Sheesh it has been a while. I've been doing all sorts of last-minute-before-Reading-Week work and now last-minute-after Reading-Week work. Reading Week was a failure for getting work done, but I still enjoyed myself thoroughly! My family adopted two new kitties! They are brother and sister and we named them Keats and Fanny. We adopted them from an independently run animal shelter in Amherst, NS called the Lillian Albon Animal Shelter.
SO one of the things I have been thinking about in the twenty-one days since I last posted is the importance of the question Why. I went to this presentation a couple weeks ago, and the presenter talked about when you're "selling" something to someone (not necessarily selling something for money, but making them understand an idea, perhaps) it is more important to consider Why you are selling something rather than What you are selling. People are more interested in the Why. This concept really struck me, and has actually helped me a lot with writing essays. When I was writing my Philosophy essay on the Mind-Body problem, while I was preparing, I brainstormed What I wanted to write, but I also brainstormed Why I thought what I was writing was important, and Why I wanted to convince the reader of what I was saying. I have asked "why" a lot in my lifetime (what five-year old didn't?) but now I am bringing back the question, but more to ask myself. Why am I going to school? Why am I prioritizing this over that? Why do I think that value is important?
Tonight I finished writing a paper on Woodstock. Whenever I think about Woodstock, I get this incredibly melancholy feeling because of how much I wish I could have been there. In fact, I wish I could have been a young person throughout the sixties, because it was probably the most interesting decade. That way I also could have enjoyed the seventies disco dancing :P. But I feel like I connect very deeply with the issues that were prevalent at that time (I suppose most of them still are). The thing is, this seemed to be the first time when people were finding courage and doing activism in a fearless way. So although some of the issues in the sixties are still present today (like racism and anti-war), I feel like my generation doesn't deal with it in the same way. Maybe we are all a little numbed to what we can achieve. When I was in Assisi, Italy in 2010, the tour guide who showed us around St. Francis' Basilica said some wise things about how we are overwhelming our young people. We tell them all the things that are bad in the world and then say: go do your homework, settle down and play your video games, go to school and sit still all day. He thought we should also be telling them what is being done about things and what could be done about things, not just presenting them with all this heavy information that we don't really know what to do with. That's the irresponsibility of the media, partly, I think. But anyway, I can certainly relate to what that tour guide was pointing out was wrong with how we present information to people my age. I often find myself feeling discouraged and like I'm wasting my time just sitting here in my comfortable life, going to university, and living happily, hearing about the bad stuff and feeling sad but then somewhat forgetting about it. I don't forget about it, of course, but it isn't always on the forefront of my mind because I would be crippled with discouragement all the time. You can see why I feel selfish, then. I feel sad hearing about all the different issues in the world, and I feel like I can't do anything about it. But I guess it's one of the steps just to inform myself about these things. For me, it's hard to narrow it down to one cause that I feel particularly strongly about. Everything is important, where are you supposed to start? I guess I relate most strongly with things that involve children and families, which is why I plan to have a career working with them.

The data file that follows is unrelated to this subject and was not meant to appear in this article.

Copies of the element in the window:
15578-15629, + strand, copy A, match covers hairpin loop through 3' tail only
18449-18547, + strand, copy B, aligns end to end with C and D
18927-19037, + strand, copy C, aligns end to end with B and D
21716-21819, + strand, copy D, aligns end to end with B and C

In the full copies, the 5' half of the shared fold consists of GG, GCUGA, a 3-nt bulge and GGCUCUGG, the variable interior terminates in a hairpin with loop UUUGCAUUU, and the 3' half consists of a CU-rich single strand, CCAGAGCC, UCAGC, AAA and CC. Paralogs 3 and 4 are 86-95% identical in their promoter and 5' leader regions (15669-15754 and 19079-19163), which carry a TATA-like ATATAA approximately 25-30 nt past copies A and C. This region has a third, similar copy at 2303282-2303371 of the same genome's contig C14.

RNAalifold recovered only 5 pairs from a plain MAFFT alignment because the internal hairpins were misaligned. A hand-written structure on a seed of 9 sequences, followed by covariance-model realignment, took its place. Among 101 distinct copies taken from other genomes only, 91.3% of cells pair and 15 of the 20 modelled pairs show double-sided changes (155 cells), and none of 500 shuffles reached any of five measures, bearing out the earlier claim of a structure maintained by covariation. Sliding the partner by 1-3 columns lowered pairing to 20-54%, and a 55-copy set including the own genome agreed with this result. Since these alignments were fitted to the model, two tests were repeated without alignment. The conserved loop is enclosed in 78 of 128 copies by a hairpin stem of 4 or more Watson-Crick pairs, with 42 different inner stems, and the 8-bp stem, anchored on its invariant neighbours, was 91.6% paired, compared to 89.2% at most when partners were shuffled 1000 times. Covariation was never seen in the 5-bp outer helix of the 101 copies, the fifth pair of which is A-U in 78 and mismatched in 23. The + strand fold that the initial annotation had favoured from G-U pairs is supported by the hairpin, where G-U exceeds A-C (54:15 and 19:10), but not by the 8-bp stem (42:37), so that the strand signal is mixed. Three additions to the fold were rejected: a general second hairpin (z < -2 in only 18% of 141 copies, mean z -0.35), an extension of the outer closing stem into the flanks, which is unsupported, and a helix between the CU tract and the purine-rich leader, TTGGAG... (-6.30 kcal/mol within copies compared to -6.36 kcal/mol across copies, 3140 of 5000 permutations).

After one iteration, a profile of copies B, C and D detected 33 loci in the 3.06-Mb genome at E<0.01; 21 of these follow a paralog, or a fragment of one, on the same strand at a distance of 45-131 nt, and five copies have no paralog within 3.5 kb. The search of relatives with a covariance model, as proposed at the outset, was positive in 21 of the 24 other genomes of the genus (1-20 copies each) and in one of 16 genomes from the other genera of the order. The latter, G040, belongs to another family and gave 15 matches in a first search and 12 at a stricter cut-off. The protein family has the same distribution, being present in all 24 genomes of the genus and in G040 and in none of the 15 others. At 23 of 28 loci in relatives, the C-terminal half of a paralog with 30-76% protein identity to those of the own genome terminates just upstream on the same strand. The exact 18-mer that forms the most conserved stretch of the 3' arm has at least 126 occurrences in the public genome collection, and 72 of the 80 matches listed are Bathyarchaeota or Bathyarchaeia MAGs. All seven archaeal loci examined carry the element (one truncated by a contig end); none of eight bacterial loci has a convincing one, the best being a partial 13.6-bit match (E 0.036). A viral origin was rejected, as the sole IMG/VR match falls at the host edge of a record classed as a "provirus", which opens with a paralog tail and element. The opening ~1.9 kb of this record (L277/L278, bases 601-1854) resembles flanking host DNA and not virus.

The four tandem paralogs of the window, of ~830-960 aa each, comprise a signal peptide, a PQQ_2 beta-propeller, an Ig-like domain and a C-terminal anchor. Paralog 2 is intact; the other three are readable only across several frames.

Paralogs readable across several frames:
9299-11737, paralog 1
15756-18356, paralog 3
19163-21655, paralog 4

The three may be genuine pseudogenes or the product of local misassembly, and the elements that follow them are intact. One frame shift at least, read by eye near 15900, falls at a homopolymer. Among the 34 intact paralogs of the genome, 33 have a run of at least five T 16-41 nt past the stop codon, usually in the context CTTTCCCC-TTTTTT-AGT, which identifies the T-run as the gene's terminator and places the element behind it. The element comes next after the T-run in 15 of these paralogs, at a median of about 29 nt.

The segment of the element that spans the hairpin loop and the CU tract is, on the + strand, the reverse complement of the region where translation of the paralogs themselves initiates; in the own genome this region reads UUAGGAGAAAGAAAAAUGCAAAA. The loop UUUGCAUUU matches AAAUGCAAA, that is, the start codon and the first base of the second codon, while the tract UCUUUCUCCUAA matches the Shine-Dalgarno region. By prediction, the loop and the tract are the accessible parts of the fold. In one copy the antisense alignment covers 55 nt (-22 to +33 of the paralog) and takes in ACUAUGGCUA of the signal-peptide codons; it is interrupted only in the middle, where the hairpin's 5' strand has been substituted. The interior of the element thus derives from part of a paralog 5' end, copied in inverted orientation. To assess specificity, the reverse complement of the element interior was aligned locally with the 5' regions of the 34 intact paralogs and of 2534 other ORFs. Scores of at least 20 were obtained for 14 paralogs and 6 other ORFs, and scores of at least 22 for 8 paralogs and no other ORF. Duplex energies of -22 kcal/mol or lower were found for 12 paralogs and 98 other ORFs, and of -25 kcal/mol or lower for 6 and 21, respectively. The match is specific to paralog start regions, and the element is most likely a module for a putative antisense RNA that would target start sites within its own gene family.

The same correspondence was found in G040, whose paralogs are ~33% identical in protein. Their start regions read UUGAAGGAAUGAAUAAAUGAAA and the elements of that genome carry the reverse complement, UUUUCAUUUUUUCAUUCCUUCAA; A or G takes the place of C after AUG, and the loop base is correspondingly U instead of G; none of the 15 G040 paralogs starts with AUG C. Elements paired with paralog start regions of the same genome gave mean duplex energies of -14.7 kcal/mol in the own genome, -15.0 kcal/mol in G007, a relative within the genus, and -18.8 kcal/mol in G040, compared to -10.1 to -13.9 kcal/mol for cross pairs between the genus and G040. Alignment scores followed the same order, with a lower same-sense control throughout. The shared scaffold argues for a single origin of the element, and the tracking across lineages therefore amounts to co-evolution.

As a fun side note, reading about Woodstock and watching the documentary and looking at pictures makes me long SO MUCH for summer! Summer is my favourite season (I guess I'm a little bit biased because I am a Summer Baby)! I can't wait to spend time outside, go swimming, go biking, read, write, work at the Cafe, go to outdoor concerts (hello Sappyfest!). I love the feeling of summer and the attitude everyone has. I love all the freshly grown food and the clothes you get to wear in summer. It's so close I can taste it!
Leap day is interesting. Today I was thinking about all the people who were born on a February 29th. They must be so happy when they get to celebrate their real birthday every four years. I wish I had thought of this at the beginning of the day so I could have kept my eye out, but it seems like extraordinary things should happen on Leap Days. They're like a secret passage or something that only appears every four years. You never know what magical things could happen.
I can't believe that tomorrow is a new month already. Here's to a good March and more posts and getting all my work done!
Your friendly neighbourhood Erin